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Agronomist observes deficiency in corn

A Central Illinois agronomist has observed potassium deficiency in corn.

This was especially noticeable earlier in the season when the outside edge of a leaf turned yellow with an occasional red band. Corn plants take up 90 percent of potassium from the knee-high growth stage to tassel.

“That deficiency, because of those tight dry soils back in that time period, has not limited the amount of potassium in that plant and now we are seeing nitrogen deficiency show up in those same trials, plots and fields,” explains Ed Corrigan, a technical agronomist with Brandt in Springfield.

Potassium is an element which actually makes nitrogen more efficient, Corrigan notes. You will likely notice more deficiencies during the next month or so.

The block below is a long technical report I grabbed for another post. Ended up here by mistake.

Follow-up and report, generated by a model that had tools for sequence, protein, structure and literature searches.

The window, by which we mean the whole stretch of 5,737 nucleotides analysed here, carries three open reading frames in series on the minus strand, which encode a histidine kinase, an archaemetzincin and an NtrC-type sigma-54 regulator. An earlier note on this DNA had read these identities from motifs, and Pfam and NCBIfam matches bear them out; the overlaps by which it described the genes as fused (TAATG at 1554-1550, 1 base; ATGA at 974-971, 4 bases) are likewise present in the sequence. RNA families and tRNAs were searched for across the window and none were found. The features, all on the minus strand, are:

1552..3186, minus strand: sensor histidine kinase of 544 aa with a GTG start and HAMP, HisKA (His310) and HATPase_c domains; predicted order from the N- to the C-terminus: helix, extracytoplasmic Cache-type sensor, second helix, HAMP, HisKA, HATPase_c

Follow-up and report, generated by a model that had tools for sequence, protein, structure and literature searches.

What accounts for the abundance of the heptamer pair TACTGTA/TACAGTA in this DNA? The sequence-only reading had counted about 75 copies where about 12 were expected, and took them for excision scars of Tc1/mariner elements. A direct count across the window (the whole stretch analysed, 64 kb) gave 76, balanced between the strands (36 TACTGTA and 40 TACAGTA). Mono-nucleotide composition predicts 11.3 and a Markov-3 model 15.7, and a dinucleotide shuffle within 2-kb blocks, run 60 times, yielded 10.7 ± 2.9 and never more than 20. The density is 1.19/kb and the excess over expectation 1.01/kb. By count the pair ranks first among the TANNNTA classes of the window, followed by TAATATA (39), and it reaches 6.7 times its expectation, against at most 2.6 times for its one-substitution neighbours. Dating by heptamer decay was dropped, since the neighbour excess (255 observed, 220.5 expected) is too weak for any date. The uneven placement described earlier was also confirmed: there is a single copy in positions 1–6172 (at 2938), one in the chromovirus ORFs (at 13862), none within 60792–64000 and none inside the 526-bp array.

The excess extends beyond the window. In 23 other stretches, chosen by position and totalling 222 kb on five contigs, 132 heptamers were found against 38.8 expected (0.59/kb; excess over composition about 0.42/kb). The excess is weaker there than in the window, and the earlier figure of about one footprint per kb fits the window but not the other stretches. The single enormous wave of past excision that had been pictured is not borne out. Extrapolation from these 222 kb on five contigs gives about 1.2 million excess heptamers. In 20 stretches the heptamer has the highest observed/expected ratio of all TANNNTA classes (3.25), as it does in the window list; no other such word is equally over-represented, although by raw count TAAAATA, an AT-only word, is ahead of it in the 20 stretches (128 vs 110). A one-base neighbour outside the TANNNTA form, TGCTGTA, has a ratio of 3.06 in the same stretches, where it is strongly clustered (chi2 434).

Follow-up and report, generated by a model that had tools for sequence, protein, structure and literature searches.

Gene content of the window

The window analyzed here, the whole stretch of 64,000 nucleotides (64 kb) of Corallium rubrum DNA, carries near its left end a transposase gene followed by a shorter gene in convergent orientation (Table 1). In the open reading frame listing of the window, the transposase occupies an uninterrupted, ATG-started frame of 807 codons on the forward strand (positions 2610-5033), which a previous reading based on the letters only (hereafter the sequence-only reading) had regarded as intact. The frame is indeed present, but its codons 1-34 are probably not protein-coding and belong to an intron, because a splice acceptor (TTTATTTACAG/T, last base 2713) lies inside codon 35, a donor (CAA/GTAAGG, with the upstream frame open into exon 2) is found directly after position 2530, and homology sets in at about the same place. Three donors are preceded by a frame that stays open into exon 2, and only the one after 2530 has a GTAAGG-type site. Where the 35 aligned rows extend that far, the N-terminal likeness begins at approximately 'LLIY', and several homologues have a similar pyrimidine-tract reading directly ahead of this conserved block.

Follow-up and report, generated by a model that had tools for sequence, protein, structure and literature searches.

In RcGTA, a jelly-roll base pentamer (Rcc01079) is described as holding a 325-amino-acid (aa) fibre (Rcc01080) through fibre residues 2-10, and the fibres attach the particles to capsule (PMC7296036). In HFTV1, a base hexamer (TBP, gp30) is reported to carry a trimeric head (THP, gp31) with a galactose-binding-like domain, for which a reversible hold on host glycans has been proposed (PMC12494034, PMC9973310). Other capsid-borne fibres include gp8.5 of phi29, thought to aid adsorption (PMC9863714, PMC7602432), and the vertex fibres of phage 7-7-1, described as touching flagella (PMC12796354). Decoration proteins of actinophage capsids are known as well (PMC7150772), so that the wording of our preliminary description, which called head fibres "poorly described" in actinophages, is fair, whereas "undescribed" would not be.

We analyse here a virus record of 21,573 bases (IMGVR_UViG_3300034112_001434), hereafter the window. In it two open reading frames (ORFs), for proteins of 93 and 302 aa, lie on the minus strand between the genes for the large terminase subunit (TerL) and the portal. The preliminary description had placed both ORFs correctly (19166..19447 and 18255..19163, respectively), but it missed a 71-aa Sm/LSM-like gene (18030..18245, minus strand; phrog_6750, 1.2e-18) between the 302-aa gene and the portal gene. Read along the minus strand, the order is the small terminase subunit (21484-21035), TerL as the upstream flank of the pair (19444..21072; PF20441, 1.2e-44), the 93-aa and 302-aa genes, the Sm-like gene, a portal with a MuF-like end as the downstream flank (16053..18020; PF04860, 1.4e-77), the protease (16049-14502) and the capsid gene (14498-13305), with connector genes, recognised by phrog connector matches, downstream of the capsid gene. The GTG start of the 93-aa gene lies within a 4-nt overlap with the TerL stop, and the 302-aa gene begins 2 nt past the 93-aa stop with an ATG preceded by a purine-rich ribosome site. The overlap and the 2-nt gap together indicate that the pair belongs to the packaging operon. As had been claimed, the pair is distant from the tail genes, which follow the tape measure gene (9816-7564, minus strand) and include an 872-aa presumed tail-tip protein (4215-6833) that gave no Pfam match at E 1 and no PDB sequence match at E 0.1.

“Zinc has some of those same characteristics of stopping disease that potassium does but it also assists with nitrogen efficiency,” added Corrigan.

Many Central Illinois growers have become more aware of the need to put down potassium. It can be applied in the fall and does not hurt the environment, actually stopping diseases in both soybeans and corn. Corrigan recommends applying at least 100 pounds per acre every year.

“Our soil tests are continuing to go lower in potassium in most situations because we are pulling off these huge crops.”

Corrigan believes a majority of the corn and soybean crops look good throughout our area, which leads to the likelihood of strong yields come harvest. Those developing crops need decent sunshine to finish out over the next 30 days.

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